The victories roll on and on: 32 wins in 1968, including Paris-Roubaix, the Tour of Romandie and the Giro d’Italia, all worthy of a World Champion. In 1969 there were 43 wins and glorious finishes at Paris-Nice, Milan-San Remo, the Tour of Flanders and Liege-Bastogne-Liege, and a less glorious disqualification from the Giro for doping (the first of three failed tests in his career). The UCI accepted his appeal and he was able to participate in the Tour de France. Clearly energized by what he felt to be grossly unfair treatment in Italy, he destroyed his opposition at the Tour de France, winning by the sensational margin of nearly 18 minutes. As Rik Van Looy had been supplanted in the Classics, now Merckx replaced Jacques Anquetil as the great Tour de France champion. It is the first win in three decades at the Tour for a Belgian and his competitors are in despair as he has taken not only the Yellow Jersey but also the Green Jersey for points as well as the King of the Mountain classification. If there would have been a Best Young Rider jersey then, he would have taken that as well. He is a supernova.
But the season ends badly as he is involved in a crash at the track at Blois. His derny driver dies in the incident and Merckx is rendered unconscious with a concussion and head wound. He suffered as well with a dislocated hip and bruised vertebra and was to subsequently maintain that after the fall in Blois he was never the same rider. At times the pain made it hard for him to ride and he would always be seeking the right position on the bike. This was not reflected in his continuing string of wins, but is a terrifying what-might-have-been if he himself did not feel he was not as good as previously!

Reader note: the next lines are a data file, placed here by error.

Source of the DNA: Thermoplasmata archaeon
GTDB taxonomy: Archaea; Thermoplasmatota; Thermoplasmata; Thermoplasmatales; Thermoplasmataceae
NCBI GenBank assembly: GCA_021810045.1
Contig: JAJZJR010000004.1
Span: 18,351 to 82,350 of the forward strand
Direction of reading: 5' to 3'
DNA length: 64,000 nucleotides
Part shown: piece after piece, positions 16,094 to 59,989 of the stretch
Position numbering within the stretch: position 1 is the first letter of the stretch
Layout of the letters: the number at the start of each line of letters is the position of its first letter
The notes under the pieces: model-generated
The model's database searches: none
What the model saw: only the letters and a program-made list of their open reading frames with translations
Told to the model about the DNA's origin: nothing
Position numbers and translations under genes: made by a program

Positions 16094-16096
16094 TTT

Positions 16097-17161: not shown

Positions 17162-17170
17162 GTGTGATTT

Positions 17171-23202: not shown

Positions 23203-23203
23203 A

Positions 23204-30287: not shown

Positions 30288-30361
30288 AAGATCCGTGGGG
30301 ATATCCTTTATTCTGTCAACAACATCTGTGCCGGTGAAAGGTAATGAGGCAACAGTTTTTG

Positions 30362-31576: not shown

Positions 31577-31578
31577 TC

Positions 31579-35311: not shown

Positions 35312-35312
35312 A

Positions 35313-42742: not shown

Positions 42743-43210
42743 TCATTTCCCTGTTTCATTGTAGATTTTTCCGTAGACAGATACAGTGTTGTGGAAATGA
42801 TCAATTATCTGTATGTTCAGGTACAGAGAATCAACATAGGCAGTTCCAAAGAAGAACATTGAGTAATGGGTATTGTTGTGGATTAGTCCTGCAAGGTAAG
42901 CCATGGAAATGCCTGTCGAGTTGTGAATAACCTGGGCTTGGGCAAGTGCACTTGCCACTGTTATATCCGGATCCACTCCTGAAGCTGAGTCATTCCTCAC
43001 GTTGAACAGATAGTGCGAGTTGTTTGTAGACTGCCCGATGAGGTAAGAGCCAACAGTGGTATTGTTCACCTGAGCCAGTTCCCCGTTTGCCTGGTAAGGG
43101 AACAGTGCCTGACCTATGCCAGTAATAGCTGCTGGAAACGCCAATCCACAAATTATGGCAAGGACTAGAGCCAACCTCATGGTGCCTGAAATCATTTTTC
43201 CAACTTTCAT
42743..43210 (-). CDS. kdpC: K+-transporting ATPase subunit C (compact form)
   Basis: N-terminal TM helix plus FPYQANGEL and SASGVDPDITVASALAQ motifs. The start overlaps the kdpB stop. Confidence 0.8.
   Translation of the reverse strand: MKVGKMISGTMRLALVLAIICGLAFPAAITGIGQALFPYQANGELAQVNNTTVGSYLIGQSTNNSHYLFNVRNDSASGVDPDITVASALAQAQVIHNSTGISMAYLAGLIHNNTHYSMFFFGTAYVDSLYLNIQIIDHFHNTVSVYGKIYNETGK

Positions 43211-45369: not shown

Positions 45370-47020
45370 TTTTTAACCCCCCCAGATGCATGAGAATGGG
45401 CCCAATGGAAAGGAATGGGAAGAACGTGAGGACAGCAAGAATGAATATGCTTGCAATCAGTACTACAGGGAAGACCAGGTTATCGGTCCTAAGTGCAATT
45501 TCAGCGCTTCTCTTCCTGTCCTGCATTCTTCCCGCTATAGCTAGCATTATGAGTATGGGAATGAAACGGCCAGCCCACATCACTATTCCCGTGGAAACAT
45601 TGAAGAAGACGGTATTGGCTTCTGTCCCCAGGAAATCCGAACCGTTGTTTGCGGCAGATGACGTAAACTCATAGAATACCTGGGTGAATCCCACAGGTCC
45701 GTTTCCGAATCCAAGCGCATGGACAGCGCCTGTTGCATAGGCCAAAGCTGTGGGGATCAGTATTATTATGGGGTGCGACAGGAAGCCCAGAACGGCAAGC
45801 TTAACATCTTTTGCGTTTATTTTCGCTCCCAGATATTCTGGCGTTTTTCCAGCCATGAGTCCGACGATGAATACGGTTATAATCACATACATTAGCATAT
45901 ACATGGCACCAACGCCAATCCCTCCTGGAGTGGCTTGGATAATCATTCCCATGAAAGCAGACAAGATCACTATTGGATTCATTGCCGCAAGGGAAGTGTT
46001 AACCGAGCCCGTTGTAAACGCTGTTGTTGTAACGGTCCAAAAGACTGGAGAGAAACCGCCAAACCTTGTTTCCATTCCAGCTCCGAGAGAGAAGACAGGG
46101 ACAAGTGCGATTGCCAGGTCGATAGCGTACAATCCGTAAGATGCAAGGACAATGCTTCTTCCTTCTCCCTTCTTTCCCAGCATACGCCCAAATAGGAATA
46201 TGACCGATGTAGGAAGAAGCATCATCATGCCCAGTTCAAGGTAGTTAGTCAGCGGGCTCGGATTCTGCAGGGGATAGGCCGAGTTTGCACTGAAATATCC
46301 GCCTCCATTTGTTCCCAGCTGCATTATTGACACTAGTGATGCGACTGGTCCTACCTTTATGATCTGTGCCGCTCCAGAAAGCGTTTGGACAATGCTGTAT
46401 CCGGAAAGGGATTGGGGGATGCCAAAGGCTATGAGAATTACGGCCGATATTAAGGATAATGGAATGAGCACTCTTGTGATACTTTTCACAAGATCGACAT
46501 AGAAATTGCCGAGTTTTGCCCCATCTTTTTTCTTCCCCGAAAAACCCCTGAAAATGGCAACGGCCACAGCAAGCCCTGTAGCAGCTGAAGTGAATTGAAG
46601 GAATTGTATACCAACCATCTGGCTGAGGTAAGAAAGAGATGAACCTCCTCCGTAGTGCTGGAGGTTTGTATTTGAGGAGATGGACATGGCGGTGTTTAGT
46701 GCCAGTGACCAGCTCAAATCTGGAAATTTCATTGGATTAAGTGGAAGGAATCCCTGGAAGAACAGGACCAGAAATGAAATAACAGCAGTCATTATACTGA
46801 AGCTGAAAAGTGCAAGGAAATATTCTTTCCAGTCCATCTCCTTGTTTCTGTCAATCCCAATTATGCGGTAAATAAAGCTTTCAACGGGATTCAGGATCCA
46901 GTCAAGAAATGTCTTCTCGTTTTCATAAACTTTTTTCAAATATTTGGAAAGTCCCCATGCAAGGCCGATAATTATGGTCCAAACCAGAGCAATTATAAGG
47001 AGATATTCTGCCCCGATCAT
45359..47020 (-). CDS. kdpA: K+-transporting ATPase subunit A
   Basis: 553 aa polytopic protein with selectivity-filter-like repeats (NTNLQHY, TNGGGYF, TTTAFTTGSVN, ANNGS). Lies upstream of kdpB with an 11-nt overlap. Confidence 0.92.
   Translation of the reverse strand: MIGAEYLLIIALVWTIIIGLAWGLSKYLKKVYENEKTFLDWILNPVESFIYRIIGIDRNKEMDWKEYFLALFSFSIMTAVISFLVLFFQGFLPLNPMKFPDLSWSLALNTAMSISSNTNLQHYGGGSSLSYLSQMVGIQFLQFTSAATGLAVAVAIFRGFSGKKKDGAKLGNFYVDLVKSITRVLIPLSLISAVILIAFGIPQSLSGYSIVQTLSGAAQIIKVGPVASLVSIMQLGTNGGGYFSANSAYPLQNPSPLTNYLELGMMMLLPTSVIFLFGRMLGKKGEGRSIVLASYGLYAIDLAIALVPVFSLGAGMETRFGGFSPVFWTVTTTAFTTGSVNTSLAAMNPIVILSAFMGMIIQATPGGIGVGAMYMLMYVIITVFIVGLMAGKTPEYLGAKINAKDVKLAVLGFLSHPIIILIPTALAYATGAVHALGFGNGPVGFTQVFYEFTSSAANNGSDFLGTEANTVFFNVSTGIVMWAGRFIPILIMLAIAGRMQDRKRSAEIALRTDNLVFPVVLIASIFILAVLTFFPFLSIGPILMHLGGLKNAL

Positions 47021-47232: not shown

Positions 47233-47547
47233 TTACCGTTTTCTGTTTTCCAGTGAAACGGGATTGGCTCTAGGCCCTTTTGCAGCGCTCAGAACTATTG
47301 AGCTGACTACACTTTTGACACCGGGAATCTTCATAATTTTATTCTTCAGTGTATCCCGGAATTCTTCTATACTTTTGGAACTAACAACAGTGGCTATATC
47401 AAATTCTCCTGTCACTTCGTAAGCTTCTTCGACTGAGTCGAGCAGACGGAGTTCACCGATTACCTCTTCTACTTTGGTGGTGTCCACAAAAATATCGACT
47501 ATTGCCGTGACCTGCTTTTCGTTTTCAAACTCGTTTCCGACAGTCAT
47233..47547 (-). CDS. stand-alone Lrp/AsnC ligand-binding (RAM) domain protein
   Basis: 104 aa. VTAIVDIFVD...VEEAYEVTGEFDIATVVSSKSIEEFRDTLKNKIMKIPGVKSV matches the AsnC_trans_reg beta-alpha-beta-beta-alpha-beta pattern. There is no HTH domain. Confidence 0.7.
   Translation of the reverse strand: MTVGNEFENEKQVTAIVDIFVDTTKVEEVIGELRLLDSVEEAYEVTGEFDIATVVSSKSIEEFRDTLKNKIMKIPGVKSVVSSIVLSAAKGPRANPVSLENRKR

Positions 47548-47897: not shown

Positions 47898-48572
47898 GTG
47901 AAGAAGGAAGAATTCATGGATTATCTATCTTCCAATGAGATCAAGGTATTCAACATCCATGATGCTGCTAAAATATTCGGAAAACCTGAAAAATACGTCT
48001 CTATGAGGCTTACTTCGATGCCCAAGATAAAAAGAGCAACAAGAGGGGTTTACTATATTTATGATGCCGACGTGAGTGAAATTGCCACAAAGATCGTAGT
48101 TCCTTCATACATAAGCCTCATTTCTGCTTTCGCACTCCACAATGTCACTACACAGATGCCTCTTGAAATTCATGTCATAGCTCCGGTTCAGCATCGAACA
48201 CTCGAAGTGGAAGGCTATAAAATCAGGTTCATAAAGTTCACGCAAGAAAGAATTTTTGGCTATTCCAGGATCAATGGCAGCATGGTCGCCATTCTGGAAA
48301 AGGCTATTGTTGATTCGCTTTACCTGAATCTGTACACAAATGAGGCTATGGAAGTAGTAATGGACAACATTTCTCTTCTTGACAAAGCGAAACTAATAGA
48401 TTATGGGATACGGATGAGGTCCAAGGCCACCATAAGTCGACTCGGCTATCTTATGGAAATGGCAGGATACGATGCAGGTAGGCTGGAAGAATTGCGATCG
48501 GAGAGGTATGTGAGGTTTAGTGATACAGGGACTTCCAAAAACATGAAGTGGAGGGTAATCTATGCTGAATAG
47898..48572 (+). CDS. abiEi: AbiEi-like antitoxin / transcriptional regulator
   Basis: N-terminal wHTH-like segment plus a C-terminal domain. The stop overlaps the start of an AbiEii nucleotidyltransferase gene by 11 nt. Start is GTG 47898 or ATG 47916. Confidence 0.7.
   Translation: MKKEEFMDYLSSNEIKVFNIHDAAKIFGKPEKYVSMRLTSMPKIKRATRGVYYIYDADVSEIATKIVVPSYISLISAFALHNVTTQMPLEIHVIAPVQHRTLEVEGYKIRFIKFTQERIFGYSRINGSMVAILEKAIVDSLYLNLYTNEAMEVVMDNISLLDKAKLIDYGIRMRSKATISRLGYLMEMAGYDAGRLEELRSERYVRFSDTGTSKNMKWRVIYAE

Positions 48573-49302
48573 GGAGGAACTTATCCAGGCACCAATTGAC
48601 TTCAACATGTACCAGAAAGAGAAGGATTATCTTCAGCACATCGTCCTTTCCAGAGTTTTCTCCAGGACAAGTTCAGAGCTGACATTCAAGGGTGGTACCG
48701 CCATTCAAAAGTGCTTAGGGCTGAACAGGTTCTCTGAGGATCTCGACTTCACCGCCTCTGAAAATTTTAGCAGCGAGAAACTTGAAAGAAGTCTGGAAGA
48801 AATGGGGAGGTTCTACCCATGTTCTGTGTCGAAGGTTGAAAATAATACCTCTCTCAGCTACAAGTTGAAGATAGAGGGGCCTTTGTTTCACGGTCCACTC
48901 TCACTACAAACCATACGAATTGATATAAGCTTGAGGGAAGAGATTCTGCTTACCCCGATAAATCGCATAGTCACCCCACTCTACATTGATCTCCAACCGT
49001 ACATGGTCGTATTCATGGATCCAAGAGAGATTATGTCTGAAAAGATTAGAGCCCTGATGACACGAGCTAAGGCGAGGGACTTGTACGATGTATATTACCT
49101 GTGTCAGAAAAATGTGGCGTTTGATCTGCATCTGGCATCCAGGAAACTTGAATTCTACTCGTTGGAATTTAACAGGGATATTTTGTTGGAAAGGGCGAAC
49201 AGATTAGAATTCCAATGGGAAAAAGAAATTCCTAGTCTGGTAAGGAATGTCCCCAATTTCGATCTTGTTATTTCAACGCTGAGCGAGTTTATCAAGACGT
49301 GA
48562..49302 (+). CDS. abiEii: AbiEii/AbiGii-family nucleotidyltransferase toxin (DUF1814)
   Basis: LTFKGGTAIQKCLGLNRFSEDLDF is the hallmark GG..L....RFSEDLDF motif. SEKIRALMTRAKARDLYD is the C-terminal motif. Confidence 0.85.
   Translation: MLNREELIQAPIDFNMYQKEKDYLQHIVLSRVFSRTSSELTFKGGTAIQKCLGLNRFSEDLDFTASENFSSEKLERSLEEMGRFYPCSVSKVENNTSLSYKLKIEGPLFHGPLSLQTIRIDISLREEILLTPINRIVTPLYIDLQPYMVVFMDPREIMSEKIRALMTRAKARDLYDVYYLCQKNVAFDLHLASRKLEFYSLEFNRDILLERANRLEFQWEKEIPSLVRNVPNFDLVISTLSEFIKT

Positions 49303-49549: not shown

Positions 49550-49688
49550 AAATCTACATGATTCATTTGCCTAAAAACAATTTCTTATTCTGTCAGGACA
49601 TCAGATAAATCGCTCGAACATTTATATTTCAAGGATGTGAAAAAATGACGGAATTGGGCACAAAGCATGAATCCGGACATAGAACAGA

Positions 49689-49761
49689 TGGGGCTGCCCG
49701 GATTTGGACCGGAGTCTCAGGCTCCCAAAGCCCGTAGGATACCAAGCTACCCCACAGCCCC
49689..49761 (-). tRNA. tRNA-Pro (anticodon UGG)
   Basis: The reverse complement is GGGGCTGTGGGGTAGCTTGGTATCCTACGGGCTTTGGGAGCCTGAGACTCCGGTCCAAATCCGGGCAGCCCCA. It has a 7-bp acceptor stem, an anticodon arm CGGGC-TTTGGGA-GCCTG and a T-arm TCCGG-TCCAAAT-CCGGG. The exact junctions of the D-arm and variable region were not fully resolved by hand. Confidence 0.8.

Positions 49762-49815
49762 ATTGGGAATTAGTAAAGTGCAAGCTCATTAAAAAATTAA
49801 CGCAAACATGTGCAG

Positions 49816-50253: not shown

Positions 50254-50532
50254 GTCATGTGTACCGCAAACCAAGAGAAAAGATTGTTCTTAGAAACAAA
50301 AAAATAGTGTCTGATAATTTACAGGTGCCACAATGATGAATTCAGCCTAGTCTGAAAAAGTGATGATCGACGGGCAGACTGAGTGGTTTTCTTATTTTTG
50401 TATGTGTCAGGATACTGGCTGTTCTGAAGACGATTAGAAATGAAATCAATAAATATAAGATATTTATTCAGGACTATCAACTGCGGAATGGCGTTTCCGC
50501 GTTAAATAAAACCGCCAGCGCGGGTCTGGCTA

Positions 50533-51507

As one leafs through this lovely book the string of victories becomes overwhelming as the Cannibal rides away from the best cyclists of the era. Compared to today’s pros, everyone raced a lot then and part of the reason Merckx won so often was that he raced so often. This must have also shortened his career in the end, and certainly being punched by a rabid French fan during the Tour de France in 1975 hastened the decline. But it is wonderful to see Merckx in his heyday, with the eternal grin and the pure joy in his face as he crossed the finish line first. He was trapped in many of the traditions of pro cycling of the time but in many ways was the modern rider as we understand him today: a driven perfectionist, totally focused, serious about training and equipment, the true captain of his team on the road.